by Alexander Freeling


I speak today of a secret vice. Rarely admitted, but relentlessly practiced. “The sin that everybody commits.”* No, not that one. A distinctly modern sin, made for (and perhaps made by) a modern consumer economy: envy.

The rise of a distinctly American envy—as a national mood but also a national worry—is the topic of an incisive social history by Susan Matt.** She charts a growing concern in the late 1800s that while it is getting richer and more comfortable for some, America is becoming more competitive, more anxious, and more envious. 

Direct comparison between people’s internal lives in 1870 and 1910 may be impossible, but their worries in print are immediately legible. S. Weir Mitchell (M.D., LL.D. HARV., thanks for asking) wrote Wear and Tear, or Hints for the Overworked in 1871 “as a warning to a restless nation.” George Miller Beard, who coined the term “neurasthenia” to describe the condition of pathological nervousness, addressed the topic at length in American Nervousness, Its Causes and Consequences (1881). William James simply called it “Americanitis.” Their diagnosis was this: in the land of opportunity, the constant and exhausting pursuit of success was fraying the nerves of a nation. 

Ambitious worry fed aspirational male dressing. A fine suit glowed with the promise of advancement, while a cheap but perfectly good one signified falling behind. Young men threw away ready to wear suits and bought bespoke on credit. As Matt’s book makes clear, this wasn’t vanity but strategy. Workers enviously calculated the cost of one another’s clothes while trying to measure the unsteady value of their own labor. In a small town, your reputation precedes you. Arriving in an anonymous metropolis, you must make a good impression by other means, one temporarily disadvantaged millionaire observed. Morals could make your name on the farm but were no use in Manhattan.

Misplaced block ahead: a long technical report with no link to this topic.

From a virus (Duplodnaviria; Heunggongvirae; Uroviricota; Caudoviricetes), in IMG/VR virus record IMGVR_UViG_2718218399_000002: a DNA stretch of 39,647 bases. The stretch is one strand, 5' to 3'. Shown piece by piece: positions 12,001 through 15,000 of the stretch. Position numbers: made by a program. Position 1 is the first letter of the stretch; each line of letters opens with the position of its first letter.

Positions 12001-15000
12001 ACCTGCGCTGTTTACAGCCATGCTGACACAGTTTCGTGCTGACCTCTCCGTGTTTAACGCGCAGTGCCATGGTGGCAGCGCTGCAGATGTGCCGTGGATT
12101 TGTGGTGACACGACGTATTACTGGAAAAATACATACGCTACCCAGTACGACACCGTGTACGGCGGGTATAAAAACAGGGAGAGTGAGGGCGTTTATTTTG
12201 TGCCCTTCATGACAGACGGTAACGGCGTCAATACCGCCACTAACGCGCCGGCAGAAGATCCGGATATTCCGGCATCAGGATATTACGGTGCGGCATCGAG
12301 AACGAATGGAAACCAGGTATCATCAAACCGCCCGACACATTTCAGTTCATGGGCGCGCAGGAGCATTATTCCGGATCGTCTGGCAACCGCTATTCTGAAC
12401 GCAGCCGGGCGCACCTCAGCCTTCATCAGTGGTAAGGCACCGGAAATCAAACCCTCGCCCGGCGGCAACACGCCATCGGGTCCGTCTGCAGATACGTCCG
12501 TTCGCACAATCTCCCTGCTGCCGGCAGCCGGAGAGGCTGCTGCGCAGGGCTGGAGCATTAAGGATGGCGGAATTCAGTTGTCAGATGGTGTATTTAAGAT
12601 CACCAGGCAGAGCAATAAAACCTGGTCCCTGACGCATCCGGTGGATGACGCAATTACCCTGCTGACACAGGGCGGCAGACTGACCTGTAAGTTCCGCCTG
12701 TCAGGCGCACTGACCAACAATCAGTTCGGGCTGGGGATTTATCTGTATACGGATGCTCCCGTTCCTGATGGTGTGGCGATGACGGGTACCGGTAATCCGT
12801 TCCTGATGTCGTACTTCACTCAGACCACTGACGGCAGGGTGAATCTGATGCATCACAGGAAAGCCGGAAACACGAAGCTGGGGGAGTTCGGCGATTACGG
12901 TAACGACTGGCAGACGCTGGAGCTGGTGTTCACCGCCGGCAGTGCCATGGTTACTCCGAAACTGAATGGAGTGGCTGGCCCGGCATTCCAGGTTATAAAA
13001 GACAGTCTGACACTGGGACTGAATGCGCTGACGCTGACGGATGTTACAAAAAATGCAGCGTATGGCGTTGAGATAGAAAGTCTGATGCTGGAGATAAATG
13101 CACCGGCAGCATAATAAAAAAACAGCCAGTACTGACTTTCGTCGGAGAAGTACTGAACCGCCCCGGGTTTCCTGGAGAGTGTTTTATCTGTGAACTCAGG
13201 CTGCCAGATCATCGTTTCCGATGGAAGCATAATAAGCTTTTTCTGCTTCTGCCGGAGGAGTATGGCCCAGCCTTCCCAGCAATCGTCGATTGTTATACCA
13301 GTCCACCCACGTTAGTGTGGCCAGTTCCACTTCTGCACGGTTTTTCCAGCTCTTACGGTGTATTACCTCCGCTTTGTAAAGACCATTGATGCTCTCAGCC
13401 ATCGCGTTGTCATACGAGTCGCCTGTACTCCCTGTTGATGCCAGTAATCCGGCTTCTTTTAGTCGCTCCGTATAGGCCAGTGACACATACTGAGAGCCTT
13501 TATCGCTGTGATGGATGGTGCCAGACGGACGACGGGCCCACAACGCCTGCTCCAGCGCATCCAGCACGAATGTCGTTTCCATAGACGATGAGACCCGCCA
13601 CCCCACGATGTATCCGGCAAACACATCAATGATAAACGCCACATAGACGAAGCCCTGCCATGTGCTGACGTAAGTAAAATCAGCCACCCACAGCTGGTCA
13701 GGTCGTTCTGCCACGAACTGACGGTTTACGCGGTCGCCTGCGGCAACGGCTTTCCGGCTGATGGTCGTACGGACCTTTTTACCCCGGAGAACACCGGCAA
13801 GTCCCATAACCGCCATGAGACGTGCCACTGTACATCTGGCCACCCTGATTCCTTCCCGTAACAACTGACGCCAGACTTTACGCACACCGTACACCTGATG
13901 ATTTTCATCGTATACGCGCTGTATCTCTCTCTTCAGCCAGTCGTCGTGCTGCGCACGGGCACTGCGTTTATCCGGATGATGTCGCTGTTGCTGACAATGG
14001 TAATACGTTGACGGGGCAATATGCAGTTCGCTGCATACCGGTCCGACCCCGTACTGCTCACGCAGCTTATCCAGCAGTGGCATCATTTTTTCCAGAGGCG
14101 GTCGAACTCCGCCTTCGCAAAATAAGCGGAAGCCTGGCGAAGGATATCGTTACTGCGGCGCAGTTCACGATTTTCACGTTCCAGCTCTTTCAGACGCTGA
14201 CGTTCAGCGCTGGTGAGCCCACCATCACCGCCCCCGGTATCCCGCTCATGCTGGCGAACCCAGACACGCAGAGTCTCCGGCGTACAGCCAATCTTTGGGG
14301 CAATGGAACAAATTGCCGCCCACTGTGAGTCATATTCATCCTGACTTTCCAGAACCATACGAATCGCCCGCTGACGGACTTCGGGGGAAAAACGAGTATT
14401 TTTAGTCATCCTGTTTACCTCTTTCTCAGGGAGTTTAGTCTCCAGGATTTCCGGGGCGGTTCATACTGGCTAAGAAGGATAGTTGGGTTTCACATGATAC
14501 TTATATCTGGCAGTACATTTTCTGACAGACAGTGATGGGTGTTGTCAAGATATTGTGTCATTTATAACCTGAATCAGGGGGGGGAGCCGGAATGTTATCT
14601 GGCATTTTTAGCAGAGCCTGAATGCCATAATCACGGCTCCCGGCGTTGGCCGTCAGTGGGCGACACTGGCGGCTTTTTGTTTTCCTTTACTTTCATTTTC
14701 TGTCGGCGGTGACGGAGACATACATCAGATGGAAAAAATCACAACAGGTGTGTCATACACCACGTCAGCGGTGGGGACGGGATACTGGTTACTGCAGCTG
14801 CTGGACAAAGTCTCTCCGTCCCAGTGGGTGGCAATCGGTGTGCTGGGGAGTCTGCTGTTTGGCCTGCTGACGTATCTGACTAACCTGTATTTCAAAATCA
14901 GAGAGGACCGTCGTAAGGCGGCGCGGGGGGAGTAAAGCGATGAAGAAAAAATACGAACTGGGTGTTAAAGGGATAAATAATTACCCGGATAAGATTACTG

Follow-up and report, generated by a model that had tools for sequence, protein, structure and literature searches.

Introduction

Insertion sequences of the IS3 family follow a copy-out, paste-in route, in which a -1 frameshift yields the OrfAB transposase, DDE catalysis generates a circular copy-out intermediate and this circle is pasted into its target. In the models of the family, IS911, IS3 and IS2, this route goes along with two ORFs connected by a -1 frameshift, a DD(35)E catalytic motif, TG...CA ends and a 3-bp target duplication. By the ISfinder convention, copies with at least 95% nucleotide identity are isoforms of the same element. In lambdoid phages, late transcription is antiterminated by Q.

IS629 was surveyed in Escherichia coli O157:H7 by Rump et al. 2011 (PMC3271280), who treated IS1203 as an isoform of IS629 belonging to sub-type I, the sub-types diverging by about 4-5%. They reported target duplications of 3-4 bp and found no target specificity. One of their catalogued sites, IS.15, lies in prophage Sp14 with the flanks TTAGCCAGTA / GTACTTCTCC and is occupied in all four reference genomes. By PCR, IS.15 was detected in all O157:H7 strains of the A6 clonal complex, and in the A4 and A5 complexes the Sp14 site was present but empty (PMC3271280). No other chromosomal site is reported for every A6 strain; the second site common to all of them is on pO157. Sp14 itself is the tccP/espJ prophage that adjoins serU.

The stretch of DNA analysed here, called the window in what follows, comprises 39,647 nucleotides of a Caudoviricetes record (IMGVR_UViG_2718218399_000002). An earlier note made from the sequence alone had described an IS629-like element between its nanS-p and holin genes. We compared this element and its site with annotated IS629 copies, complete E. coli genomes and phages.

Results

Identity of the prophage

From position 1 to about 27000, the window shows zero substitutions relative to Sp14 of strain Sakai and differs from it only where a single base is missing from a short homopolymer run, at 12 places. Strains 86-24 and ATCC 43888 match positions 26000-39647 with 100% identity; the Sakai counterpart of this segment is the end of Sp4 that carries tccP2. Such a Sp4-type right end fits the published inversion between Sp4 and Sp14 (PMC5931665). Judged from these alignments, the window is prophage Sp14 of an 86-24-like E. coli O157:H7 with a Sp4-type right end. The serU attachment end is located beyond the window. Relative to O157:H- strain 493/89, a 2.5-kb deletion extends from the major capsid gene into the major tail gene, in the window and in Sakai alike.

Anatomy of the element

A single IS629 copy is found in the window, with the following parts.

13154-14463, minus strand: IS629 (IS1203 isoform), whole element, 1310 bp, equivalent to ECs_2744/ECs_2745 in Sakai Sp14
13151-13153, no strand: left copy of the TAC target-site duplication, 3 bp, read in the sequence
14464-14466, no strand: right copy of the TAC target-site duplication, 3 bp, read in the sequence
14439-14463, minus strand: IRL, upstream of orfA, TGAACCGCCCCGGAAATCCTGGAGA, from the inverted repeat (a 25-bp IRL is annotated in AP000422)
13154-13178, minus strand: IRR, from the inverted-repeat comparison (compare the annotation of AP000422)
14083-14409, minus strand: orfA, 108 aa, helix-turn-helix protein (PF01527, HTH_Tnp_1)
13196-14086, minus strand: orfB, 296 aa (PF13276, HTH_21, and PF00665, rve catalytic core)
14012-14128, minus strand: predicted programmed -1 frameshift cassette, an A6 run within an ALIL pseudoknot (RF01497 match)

For critics of America’s nervous aspiration, this was exactly the problem. You needed competitive drive to succeed in these new jobs, but competition was making even the successful worker exhausted, avaricious, and unhappy with what he had. For advocates, endless desire was the whole point. Envy drives people to great things, they argued, so long as it aligns with business success, and not pushing your manager down the stairs. “Let him always strive,” one such argument went; “there is happiness in the very strife.” Aspirational people get things done. Consumption drives economic growth. You might never have enough suits, but still create a very successful blog along the way. The debate between thrift and envy around 1900 replayed in sartorial terms the oldest argument of political economy: can private vice create public benefit?

That debate rolls on much the same today. But while American Nervousness has become a global hit, we can be thankful for one small change: now that billionaires wear hoodies and the man at court in vicuña is probably the defendant, beautiful suits hardly symbolize honesty or financial success. At last, we can envy those things in which a tailor takes pride: the balance of the quarters or a hand-attached sleeve. Symmetry above finery. Elegance that proves nothing.

“The Sin That Everybody Commits and How I Cured Myself of It,” American Magazine, December 1919.

** Susan J. Matt, Keeping Up with the Joneses: Envy in American Consumer Society, 1890-1930 (UPenn Press, 2002).

Artwork: ‘Jealousy’ by Edvard Munch